We live in a world where every single aspect of society has been impinged upon by a patriarchal viewpoint that finds it beneficial to applaud masculine values and demean women. Despite being intelligent, resilient, intuitive and strong, a woman is not allowed to let her voice heard as easily and as agreeably as a man. We suppress them with excuses that ‘they aren’t physically strong’, ‘they have no might’, ‘they aren’t capable’, and yet we keep them away from opportunities where power is not a job-requirement. The President of a country doesn’t need to be a body-builder, the Army general does not need to have six-pack abs, a Scientist does not require a six foot frame. And yet, despite the despicable rules put forth by a regressive society, women have proven time and again that they can do everything that a man can, and more.
The President of a country doesn’t need to be a body-builder, the Army general does not need to have six-pack abs, a Scientist does not require a six foot frame. And yet, despite the despicable rules put forth by a regressive society, women have proven time and again that they can do everything that a man can, and more.
Pardon me for putting you through that rant but I wanted to give you a taste of the pent up diatribe that a woman wakes up to everyday. Stand-up as an art form has been one of the few platforms where people from all walks of life can say things that they can’t in a conventional social construct. Even though stand-up comedy is a fairly new phenomenon in India, it has been around in other parts of the world since the 40s. Cafés and Clubs have been the cultural hot-spots where artists of all genres would come out to try their hands at open mics. Even though stand-up promised a voice to anyone, notwithstanding their sex, the latent patriarchy did seep into it over the years. Women stand-up comics are still few and far between as compared to the flurry of male comics that crop up every week. Take a test. Name five female stand-up comedians in India in 30 seconds. Drawing a blank ? Okay now think of five male stand-ups. Yep, there you go. Even in the 21st century, men are loath to hear a confident woman speak her voice.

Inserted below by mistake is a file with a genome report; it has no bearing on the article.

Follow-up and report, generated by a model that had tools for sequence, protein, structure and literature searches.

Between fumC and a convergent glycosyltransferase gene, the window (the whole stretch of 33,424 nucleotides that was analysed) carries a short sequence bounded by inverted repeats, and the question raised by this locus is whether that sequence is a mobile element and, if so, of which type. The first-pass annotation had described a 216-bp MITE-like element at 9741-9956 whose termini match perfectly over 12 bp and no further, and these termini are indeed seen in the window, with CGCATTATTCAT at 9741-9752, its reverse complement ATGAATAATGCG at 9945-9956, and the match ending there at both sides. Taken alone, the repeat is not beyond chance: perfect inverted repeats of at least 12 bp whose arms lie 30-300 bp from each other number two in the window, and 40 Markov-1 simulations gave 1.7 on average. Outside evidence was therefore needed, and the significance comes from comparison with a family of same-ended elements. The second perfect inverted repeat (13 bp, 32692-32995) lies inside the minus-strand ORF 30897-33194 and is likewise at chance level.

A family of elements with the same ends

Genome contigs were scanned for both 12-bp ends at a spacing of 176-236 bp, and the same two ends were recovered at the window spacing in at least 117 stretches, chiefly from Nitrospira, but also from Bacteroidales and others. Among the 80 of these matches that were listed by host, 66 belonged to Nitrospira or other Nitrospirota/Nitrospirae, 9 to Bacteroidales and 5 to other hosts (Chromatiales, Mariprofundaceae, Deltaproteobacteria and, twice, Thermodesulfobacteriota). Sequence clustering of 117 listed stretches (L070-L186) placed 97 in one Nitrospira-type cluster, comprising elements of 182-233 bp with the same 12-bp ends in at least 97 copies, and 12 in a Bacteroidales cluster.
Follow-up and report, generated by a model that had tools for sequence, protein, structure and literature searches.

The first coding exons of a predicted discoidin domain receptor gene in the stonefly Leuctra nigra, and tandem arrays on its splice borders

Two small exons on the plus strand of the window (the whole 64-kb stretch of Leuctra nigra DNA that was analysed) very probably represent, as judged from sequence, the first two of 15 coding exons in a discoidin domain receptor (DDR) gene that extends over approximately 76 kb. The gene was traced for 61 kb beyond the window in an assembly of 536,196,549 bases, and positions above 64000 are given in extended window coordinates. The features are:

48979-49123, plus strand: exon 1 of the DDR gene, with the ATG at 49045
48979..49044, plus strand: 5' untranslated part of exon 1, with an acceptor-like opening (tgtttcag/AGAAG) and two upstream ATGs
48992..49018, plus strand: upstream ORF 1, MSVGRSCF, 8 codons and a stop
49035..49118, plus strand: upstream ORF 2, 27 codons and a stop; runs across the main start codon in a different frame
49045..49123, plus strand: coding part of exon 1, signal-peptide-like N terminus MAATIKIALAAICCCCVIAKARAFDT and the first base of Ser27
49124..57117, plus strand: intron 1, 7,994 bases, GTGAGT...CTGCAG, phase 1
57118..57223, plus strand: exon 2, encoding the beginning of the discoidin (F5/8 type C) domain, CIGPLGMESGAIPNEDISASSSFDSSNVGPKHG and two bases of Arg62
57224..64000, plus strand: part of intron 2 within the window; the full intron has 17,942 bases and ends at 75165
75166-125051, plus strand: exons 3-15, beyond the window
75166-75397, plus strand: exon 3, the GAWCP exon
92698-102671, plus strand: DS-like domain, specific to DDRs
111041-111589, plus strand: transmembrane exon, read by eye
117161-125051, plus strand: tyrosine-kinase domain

Created by Amy Sherman-Palladino, The Marvelous Mrs. Maisel is set in 50s America where a cultural transformation is sweeping through the land. New art-forms are being realized in every corner and people are embracing it with vigour. Miriam “Midge” Maisel is an Upper West Side girl, born and bred in an affluent Jewish family without want in life. She falls in love with Joel and together they make a couple as quirky and as in love as Zooey Deschanel and Joseph Gordon-Levitt in 500 days of summer. Joel is a closet stand-up comic and dreams of making it big in the circuit someday and Midge is fully supportive of him. However, after bombing miserably at an event, Joel is a broken man. In an impulsive moment he blames Midge for his failure and walks out from the marriage. Midge is heartbroken at the sudden turn of events. She gets drunk and gets on the subway to the Gaslight café, the very place where her husband had bombed. In a stupor, she gets on stage and rants about her broken marriage. Even though she doesn’t realize what she is doing, the manager notices the roaring laughter that she gets from the audience.